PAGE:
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The University of Southampton

BIOL6051 MRes Wildlife Conservation Research Project

Module Overview

This module provides two-thirds of the content for the MRes Wildlife Conservation programme. During it you will develop research skills, as you work closely with a Marwell Conservation Biologist and University of Southampton supervisor to propose a detailed methodology for your research project. You will then have the unique experience of undertaking that extensive research project at one of Marwell Wildlife’s conservation sites, in the UK or abroad. During this process you will have the opportunity to become part of an existing and dynamic team of practicing conservation biologists.

Aims and Objectives

Learning Outcomes

Knowledge and Understanding

Having successfully completed this module, you will be able to demonstrate knowledge and understanding of:

  • A wide selection of topics currently at the frontiers of wildlife conservation research and many of the specialist techniques used to investigate them.
  • Analytical skills to a level sufficient to understand the principles of statistical modelling.
Subject Specific Intellectual and Research Skills

Having successfully completed this module you will be able to:

  • Evaluate and apply subject-specific theories, paradigms, concepts and principles in the context of research.
  • Critically analyse, synthesise, interpret and summarise complex scientific information.
  • Application of methodology to collect, record and analyse data.
  • Synthesise and integrate relevant scientific literature.
  • Undertake field investigations in a responsible and safe manner, paying due attention to risk assessment, ethical approval, rights of access, relevant health and safety regulations, and sensitivity to the impact of investigations on the environment and stakeholders.
Transferable and Generic Skills

Having successfully completed this module you will be able to:

  • Synthesise, apply and develop computing, statistical and mathematical skills.
  • Design, implement and report on scientific research projects, including a major research project at the forefront of wildlife conservation knowledge.
  • Critical use of a range of resources as a source of information, means of communication and data dissemination.
  • Be able to design and manage a research project.
  • Develop an adaptable and flexible approach to study and work, this is particularly relevant to field work


This module begins in semester 2, with four formative small group tutorials, during which you will develop a log frame research proposal for your project. This will be discussed with your project supervisors. Following approval of your risk assessment (and ethical approval, if required) data collection for your project will then begin. The project will be linked to on-going conservation science at Marwell Wildlife, and may involve the acquisition of new data, the analysis of existing data in a novel way, or the development and testing of a new method. The project is expected to lead to results which are publishable in the peer-reviewed scientific literature, and outcomes which have a material effect on applied conservation work. You will submit a project report, in the style of a peer-reviewed paper. You will also present your research and undertake a viva voce exam with your internal examiners.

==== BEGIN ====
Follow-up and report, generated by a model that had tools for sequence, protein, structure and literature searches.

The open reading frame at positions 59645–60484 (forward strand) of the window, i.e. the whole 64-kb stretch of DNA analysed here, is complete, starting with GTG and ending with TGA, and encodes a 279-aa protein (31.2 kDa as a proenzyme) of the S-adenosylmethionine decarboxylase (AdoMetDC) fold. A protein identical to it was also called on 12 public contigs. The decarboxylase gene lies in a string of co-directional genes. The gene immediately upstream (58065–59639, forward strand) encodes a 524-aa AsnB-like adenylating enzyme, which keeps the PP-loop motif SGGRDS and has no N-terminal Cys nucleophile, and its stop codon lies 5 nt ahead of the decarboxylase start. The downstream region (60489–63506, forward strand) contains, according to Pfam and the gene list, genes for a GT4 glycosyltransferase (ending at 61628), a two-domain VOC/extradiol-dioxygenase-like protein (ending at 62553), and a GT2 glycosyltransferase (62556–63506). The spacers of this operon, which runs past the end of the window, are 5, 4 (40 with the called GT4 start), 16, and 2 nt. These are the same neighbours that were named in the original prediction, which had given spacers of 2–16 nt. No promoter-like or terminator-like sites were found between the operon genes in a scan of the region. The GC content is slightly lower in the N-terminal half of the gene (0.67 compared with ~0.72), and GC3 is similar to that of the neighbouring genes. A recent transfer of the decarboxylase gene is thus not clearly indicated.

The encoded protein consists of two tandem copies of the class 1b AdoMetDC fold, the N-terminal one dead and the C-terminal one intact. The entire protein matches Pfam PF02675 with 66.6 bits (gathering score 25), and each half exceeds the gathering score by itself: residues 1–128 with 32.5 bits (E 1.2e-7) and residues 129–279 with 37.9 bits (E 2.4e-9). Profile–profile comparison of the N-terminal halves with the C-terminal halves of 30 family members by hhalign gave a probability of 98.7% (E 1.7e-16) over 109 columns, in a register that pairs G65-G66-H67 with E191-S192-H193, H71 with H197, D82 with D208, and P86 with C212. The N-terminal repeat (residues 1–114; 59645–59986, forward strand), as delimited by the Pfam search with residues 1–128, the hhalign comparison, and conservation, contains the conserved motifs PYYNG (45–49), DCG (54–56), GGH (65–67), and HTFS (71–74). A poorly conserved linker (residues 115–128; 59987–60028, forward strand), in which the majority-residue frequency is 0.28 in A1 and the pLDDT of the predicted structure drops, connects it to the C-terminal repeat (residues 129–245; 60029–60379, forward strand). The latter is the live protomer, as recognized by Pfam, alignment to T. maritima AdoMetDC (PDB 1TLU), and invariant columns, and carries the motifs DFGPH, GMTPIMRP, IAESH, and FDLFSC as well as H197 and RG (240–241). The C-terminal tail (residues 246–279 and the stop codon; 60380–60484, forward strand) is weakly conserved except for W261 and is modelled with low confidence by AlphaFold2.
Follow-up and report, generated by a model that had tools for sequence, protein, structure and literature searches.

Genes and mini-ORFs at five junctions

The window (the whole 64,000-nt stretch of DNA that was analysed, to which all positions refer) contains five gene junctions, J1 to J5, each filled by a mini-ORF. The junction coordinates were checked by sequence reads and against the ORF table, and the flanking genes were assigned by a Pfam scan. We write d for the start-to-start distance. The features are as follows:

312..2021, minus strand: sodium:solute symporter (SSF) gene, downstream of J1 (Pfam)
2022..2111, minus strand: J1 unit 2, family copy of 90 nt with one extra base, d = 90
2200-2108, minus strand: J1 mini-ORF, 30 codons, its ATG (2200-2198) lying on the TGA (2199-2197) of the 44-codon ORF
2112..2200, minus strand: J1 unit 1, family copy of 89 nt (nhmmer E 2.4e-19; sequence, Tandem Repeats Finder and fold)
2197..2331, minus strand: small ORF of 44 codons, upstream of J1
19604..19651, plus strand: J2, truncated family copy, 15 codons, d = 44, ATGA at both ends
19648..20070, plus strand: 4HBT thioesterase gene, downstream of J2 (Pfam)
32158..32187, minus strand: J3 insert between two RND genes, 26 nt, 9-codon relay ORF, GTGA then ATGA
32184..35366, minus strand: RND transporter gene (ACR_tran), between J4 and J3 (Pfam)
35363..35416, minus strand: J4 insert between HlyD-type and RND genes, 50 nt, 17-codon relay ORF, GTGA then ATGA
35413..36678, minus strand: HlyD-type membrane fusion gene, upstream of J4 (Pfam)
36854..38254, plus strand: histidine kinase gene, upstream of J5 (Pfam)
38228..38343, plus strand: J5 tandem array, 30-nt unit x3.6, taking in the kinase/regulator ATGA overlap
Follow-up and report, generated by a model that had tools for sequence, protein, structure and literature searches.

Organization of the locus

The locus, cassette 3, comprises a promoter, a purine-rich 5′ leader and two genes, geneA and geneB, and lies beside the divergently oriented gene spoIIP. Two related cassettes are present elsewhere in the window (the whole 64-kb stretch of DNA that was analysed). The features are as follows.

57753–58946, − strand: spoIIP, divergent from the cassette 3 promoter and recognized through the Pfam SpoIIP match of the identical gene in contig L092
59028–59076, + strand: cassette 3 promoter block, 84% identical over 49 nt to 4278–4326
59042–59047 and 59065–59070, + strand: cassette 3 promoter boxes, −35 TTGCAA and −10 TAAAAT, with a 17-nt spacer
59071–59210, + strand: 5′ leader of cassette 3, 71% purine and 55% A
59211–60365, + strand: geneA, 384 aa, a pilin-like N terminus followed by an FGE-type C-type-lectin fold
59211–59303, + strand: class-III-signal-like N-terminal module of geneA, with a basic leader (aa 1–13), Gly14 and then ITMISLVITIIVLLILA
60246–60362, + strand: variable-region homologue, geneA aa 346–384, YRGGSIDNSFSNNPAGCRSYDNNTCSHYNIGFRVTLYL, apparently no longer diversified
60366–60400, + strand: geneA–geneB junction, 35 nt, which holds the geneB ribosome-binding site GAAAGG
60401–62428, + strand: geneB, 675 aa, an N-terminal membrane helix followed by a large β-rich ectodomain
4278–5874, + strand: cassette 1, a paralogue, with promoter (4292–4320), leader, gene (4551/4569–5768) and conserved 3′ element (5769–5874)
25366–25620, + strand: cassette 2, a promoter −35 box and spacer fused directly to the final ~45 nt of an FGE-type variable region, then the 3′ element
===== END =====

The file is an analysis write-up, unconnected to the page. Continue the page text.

Learning and Teaching

Teaching and learning methods

Contact time: 4 hours of small group tutorials; regular meetings with project supervisors from Marwell Wildlife and School of Biological Sciences throughout the project (24). Private study hours: 1172 (this includes: writing the research proposal, data collection and analysing, writing the report) Total study time: 1200 hours

Project supervision24
Independent Study1172
Total study time1200

Resources & Reading list

Biggam, J. Succeeding with your Master’s dissertation a step-by-step handbook. 

Mental Health and Wellbeing.

Schimel, J. Writing science: how to write papers that get cited and proposals that get funded. 

Ruxton, G.D. & Colegrave, N. Experimental design for the life sciences. 

Bond, A. Your Master’s thesis. 

Academic Skills.



MethodPercentage contribution
Oral assessment and presentation 10%
Research project Report  (7000 words) 80%
Research proposal  ( words) 10%


MethodPercentage contribution
Research project Report  ( words) 100%


Costs associated with this module

Students are responsible for meeting the cost of essential textbooks, and of producing such essays, assignments, laboratory reports and dissertations as are required to fulfil the academic requirements for each programme of study.

In addition to this, students registered for this module typically also have to pay for:

Anything else not covered elsewhere

Research project costs, including travel to Marwell zoo, are not included in course fees. Research project briefs, available on the programme website, include indicative costs for each project available

Please also ensure you read the section on additional costs in the University’s Fees, Charges and Expenses Regulations in the University Calendar available at

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